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haresfur

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    Bendigo Australia

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  1. Those are the ones that didn't calibrate well (I hope the person calibrating them did it right). I think they would be fine for many purposes, though. Lucky for me, work is paying for the toys.
  2. Yeah, I forgot that the reason I went with the motor control is that I'm switching latching-solenoid irrigation valves so I have to be able to reverse the polarity. Interesting about the PWM speed. Are you using capacitance sensors? We found some cheap ones were all over the map in terms of calibration, which was disappointing. I'm about to test some Time-Domain Transmission sensors but at about $300 AU a pop, they aren't exactly cheap.
  3. As a bit of a follow-up. I hadn't been mulching the beds with earwigs because I know they like moisture. But I tried and it seemed to help some (at least until I fried everything in a heat wave). Seems counter-intuitive, but I think what is happening is that the moist mulch keeps them happy under the surface at least for long enough for the seedlings to get established to where they fight their own battles.
  4. Another dimmer option is pulse-width modulation through something like an Arduino controller. You will have to send the PWM signal from a pin on the Arduino board to something like a DC motor control to jack up the signal to 24V. Bonus is that you can use the micro-controller as a timer to turn the lights on & off and even monitor soil moisture (caution many low end soil moisture probes are crap).
  5. A book is useful for dining alone so that the people at the next table don't notice that you are listening in on their conversation
  6. I'll have to try that, although the results seem likely to vary with the type of honey.
  7. It is native to cool parts of Tasmania and Victoria. I tried growing one once but cooked it. Perhaps I'll try again but with my luck will probably end up with a male plant and no berries. I haven't tried the fresh berries but the ground dry one are brown that some people think taste peppery. I don't but there is a nice subtle flavour to me. I just coat the meat, bag and sous vide. It ends up looking like it has been seared so that helps with the presentation IMO. I don't know where you can get it in the US. Here are a couple of links Tasmannia lanceolata and This native berry has four times the antioxidants of blueberries. I also found a recipe where they mixed it with wattle seed as a rub on lamb which I'm keen to try.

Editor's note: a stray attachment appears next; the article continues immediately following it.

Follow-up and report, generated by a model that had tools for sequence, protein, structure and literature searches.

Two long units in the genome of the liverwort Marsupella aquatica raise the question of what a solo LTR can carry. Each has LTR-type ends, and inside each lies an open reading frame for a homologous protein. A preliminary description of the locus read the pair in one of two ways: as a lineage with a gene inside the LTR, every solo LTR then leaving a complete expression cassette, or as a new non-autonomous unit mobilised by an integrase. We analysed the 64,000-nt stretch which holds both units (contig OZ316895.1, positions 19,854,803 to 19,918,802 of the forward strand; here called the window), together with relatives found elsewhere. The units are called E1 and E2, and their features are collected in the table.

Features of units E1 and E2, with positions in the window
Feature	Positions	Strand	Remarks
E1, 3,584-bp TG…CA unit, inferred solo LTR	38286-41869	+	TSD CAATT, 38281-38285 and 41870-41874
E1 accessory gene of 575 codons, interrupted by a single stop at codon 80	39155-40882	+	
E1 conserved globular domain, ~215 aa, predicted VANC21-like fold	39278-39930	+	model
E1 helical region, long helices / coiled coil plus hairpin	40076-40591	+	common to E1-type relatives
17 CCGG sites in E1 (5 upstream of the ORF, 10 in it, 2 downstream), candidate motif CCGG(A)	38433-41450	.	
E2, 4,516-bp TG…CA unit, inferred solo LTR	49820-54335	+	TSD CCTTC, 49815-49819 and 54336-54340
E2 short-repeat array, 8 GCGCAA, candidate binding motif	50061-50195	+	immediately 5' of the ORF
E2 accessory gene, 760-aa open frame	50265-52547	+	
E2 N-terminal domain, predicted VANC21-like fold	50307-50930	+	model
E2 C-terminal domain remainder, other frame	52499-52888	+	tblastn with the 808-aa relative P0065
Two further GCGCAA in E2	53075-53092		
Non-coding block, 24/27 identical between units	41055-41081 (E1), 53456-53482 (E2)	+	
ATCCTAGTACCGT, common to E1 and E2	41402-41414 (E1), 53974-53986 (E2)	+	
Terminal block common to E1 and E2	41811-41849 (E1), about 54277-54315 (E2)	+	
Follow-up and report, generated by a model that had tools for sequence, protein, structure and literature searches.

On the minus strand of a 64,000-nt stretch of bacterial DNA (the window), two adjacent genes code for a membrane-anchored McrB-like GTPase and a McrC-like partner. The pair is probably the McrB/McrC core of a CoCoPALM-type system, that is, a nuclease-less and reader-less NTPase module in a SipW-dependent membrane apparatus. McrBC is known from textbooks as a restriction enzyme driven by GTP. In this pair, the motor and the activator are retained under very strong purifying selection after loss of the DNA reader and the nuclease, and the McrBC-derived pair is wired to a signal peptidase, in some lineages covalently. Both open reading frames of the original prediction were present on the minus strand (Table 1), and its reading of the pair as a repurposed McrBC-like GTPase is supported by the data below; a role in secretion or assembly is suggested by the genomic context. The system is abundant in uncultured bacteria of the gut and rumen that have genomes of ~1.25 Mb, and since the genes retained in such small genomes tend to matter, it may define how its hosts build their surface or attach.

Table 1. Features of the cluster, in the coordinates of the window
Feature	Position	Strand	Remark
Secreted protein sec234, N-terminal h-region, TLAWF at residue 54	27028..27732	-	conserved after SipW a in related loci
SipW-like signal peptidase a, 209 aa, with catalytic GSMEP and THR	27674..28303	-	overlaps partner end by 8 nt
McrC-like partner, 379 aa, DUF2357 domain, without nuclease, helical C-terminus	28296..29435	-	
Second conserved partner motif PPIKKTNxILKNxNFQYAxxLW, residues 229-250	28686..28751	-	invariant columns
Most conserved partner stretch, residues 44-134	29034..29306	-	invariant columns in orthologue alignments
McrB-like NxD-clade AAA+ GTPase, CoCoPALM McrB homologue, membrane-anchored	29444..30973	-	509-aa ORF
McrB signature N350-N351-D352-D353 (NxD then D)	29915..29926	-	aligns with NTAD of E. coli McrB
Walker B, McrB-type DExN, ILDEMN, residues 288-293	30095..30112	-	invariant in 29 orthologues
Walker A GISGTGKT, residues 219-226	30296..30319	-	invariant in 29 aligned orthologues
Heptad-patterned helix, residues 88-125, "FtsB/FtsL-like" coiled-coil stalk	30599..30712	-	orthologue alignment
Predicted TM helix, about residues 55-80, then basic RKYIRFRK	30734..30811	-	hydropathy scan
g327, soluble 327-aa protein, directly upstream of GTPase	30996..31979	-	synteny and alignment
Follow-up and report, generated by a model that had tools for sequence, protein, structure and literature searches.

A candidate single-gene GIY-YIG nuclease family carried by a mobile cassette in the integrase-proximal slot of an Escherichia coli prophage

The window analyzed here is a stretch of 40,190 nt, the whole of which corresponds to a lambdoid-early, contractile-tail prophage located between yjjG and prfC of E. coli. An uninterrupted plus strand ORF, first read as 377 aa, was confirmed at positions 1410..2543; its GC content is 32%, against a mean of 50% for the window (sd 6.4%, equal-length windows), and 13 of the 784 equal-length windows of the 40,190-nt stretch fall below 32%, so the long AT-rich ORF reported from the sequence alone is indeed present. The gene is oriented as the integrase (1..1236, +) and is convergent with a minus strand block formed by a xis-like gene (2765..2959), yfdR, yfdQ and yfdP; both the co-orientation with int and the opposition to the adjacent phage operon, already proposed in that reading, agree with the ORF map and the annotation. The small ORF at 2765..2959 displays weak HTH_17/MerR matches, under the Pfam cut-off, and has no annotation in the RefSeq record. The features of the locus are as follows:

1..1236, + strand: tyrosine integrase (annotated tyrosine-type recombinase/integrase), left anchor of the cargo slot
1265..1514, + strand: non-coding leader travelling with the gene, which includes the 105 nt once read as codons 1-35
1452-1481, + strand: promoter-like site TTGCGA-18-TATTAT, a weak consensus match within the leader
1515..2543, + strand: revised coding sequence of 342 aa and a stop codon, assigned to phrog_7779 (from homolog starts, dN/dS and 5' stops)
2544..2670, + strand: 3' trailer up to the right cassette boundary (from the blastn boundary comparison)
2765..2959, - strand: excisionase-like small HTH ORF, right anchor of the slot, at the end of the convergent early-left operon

8. A solution to a problem I didn't know I had
  9. Local grocery started carrying 36 mo aged Gouda. I was too cheap to try it when visiting Holland in my 20s, but man it is good as a nibbling cheese. Except for the cat who devoured most of a piece I left out and gummed the rest. He has good taste.
  10. They should all be fine. Taste them.
  11. Mountain pepper crusted flatiron steak. Mountain pepper berry is an Australian native that doesn't taste particularly peppery to me. I coat the steak with ground berries, seal and sous vide at 58 for an hour 15 min. This one was chilled and sliced. No searing although I have done that and decided it took away from the flavour of the berries. I actually went a bit overboard on the coating this time because it was a touch gritty. Or maybe it wasn't ground as fine. Still was happy with the result.
  12. Very little cooking but that's the point of a traditional Aussie cold Christmas lunch: Jarlsberg, aged Gouda, Port Salut 2 kinds of kalamata olives, Sicilian green olives, green olives in gin & rosemary garlic smoked mussels, tiger prawns, smoked salmon with capers tomatoes, cuke, salad mix, piquillo peppers, sun dried tomatoes, marinated artichoke hearts, roasted chili eggplant cocktail sauce with wasabi to adjust the heat loma, sous vide mountain pepper crusted flatiron steak, smoked ham More than enough for 2
  13. haresfur

    Cooking Goose

    Certainly no goose expert, but I did one a while ago (the dearly beloved must have been out of town). I sous vide - confited the legs then coated in dukka and browned - trying to replicate the ones from a local restaurant - Masons of Bendigo. The problem was that the legs fell apart so I'd do them for less time. I roasted the rest because I didn't want the skin to get soggy in the sous vide. Still wasn't crispy enough but I'm glad I just roasted it rather than sv. That is if you want the skin.
  14. Relevant internet link Datsun pork roast
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